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Windows Printer Drivers

Windows Printer Drivers

Historically, nearly all thermal transfer and direct thermal printers have utilized proprietary, programming languages to "drive" the label printer. This responsibility typically required a programmer to either modify or generate host code. In comparison to the tools that are available today, changes were relatively difficult to make since every change to the label required a programming change. In addition, the label program was specific for the printer since each manufacturer had a different programming language. Most label manufacturers today support Windows print drivers which are similar to the Windows print drivers for a dot matrix printers. There are many advantages of using a Windows print driver for a label printer. (1) any Windows application can print to the printer, (2) any user can make changes to the label, and (3) the application is not tied to a specific printer.

Unfortunately, some manufacturers do not provide Windows print drivers at this time, but most will have them available in the near future. Certainly, there are benefits with the traditional approach. Printing speed is the primary advantage. If a label printer was purchased to print only one or two labels at a time, then programming the print language direct would increase performance substantially because only a stream of printer commands (or codes) are passed through the parallel or serial line as opposed to an entire image of label. An image file can easily be over one megabyte in size and thus take longer to transfer than a stream of several hundred characters. Most label print drivers, however, support an option to generate copies of a label so that the label image is initially transferred only one time, loaded into the printer memory, and extracted from memory to generate the specified number of copies. Obviously, this is much more efficient and the way most label printers are currently designed today.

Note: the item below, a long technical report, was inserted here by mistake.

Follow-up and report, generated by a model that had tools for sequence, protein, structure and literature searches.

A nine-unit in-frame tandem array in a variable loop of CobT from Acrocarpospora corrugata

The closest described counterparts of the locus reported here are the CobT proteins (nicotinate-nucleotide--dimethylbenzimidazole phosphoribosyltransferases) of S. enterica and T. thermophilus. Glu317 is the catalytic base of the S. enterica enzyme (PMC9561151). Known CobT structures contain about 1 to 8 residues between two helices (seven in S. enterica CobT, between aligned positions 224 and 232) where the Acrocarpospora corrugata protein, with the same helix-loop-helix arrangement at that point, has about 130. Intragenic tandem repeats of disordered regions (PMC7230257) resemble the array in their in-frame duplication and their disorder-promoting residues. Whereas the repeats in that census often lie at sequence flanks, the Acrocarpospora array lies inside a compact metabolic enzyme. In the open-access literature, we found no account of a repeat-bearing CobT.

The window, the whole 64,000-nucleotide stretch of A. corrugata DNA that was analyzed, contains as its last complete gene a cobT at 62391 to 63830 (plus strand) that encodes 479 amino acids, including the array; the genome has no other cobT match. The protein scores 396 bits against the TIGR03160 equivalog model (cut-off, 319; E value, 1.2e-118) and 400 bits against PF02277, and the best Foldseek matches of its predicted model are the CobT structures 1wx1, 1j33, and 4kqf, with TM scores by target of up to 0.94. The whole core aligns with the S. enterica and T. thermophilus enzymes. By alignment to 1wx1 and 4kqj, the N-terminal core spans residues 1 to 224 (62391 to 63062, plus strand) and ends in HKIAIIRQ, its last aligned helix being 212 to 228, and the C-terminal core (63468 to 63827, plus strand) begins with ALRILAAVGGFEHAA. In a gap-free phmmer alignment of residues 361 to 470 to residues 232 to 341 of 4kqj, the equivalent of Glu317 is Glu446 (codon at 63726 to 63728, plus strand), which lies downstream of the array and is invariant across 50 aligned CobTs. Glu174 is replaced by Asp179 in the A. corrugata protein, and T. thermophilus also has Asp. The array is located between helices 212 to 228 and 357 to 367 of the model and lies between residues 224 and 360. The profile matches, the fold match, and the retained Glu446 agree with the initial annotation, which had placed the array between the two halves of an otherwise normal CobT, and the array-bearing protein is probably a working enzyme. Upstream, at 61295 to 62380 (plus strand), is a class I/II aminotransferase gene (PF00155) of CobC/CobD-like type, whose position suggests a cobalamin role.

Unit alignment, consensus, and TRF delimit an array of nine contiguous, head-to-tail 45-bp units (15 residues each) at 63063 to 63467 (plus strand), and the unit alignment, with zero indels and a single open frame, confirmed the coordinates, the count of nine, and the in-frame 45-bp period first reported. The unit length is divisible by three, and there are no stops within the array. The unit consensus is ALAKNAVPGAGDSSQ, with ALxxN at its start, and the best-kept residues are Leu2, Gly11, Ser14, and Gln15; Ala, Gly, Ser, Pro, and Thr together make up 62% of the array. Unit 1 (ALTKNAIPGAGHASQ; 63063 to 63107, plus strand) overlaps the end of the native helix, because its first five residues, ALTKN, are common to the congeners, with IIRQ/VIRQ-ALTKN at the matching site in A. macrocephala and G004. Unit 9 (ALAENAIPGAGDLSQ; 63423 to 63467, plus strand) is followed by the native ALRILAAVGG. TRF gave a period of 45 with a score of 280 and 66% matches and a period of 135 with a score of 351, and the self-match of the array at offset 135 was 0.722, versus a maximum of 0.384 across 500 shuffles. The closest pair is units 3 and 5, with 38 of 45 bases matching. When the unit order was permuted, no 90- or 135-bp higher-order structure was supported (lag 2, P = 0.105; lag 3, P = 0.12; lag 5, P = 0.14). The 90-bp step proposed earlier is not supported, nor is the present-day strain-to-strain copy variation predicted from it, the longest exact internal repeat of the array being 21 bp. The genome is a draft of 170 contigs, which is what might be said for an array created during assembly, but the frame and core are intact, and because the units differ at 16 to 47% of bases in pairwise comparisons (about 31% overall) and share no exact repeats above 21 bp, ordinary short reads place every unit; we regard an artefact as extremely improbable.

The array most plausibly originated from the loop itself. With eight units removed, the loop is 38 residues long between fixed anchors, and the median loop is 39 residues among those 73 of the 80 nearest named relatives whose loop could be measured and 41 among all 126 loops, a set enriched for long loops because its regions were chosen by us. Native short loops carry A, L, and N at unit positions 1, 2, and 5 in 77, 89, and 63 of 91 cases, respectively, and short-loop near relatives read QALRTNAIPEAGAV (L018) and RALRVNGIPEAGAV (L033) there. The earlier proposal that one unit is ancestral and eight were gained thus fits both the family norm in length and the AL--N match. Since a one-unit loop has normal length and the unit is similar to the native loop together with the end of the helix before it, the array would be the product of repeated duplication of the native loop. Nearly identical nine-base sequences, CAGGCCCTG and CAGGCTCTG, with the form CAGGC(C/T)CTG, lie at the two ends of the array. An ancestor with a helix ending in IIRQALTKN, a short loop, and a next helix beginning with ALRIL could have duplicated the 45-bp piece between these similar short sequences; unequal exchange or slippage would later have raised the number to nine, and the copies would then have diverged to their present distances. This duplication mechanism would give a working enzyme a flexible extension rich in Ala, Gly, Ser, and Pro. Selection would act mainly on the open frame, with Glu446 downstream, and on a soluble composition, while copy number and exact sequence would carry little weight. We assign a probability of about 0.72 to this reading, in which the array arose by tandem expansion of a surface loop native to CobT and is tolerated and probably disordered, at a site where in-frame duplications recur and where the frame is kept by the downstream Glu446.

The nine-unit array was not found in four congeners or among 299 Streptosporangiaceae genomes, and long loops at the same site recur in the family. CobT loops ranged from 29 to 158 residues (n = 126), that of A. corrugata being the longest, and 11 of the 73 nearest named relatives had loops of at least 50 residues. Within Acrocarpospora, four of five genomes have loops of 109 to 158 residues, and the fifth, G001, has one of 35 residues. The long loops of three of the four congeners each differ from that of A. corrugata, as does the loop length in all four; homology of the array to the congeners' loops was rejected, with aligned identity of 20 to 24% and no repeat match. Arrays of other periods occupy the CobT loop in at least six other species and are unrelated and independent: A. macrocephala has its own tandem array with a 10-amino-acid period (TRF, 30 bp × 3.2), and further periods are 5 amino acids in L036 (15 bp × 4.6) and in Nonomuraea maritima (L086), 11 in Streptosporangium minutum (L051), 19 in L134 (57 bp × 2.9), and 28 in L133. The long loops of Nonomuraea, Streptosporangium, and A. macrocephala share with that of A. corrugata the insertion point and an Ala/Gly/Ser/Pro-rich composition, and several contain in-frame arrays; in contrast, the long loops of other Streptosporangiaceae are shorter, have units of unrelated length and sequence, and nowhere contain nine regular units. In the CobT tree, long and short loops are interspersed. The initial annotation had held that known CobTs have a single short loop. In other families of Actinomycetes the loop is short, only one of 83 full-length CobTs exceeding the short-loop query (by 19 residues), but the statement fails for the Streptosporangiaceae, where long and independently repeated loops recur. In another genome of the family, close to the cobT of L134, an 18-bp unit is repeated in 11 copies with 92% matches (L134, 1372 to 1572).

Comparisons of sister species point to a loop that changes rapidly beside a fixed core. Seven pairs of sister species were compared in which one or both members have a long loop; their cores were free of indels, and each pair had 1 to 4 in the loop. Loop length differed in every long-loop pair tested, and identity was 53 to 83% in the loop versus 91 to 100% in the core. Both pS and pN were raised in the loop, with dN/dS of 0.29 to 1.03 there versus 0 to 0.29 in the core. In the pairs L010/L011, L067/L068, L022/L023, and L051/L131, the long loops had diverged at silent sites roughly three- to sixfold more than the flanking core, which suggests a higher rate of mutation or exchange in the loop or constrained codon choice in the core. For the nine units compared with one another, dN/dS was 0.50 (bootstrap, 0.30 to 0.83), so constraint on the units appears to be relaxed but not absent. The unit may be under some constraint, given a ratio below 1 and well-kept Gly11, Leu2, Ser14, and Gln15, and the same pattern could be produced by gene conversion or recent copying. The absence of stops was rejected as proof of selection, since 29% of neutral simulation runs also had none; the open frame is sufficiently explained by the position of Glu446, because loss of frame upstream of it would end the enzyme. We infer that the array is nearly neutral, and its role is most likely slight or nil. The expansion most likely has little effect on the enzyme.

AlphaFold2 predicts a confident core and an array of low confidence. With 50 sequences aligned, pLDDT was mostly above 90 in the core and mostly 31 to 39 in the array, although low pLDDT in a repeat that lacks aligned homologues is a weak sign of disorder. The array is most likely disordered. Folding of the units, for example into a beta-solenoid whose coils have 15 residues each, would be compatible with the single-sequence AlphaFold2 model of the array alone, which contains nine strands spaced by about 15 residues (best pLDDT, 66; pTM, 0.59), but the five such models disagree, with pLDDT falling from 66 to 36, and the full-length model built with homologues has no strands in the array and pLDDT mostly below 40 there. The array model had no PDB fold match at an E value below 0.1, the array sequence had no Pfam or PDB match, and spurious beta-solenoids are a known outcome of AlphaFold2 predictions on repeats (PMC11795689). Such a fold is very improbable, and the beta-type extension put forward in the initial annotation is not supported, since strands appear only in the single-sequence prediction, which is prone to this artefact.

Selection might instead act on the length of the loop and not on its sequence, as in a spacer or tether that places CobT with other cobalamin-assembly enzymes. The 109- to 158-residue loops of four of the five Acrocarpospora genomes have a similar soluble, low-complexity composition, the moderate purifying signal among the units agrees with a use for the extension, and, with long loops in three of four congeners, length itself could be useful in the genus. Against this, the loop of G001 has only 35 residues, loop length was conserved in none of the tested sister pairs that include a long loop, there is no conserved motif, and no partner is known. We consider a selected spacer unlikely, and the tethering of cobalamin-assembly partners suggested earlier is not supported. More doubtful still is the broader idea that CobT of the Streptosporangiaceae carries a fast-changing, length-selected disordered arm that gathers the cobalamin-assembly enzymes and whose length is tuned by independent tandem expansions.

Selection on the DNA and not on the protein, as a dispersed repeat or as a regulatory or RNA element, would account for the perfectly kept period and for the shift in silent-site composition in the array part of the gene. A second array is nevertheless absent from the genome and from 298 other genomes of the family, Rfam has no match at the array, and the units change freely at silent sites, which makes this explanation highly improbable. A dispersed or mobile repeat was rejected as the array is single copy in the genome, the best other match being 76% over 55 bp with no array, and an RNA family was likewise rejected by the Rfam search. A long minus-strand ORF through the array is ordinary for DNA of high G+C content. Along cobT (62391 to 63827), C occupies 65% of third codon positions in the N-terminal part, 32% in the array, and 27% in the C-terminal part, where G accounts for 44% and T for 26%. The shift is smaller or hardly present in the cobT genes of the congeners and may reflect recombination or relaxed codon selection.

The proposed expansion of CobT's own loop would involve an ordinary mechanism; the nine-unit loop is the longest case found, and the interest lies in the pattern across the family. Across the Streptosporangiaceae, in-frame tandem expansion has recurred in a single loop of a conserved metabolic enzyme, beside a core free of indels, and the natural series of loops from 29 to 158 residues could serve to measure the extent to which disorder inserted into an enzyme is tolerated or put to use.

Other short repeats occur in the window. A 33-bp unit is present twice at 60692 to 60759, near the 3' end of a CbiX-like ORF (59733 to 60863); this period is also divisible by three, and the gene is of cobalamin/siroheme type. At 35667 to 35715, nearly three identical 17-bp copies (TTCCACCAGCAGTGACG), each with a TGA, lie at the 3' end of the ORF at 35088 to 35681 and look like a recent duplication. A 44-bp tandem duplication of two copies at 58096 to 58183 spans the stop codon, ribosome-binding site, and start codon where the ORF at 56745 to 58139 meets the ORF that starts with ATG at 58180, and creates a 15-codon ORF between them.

In summary, if the label printer must create distinct labels on every label run (e.g. one-up-number to serialize a product), make sure that your application directly utilizes the programming print language. There are some software applications that do this very thing, however, they are generally very expensive. Eventually, these programming languages will no longer be supported as new printers are introduced into the market. There are even some label printers today that only support Windows print drivers.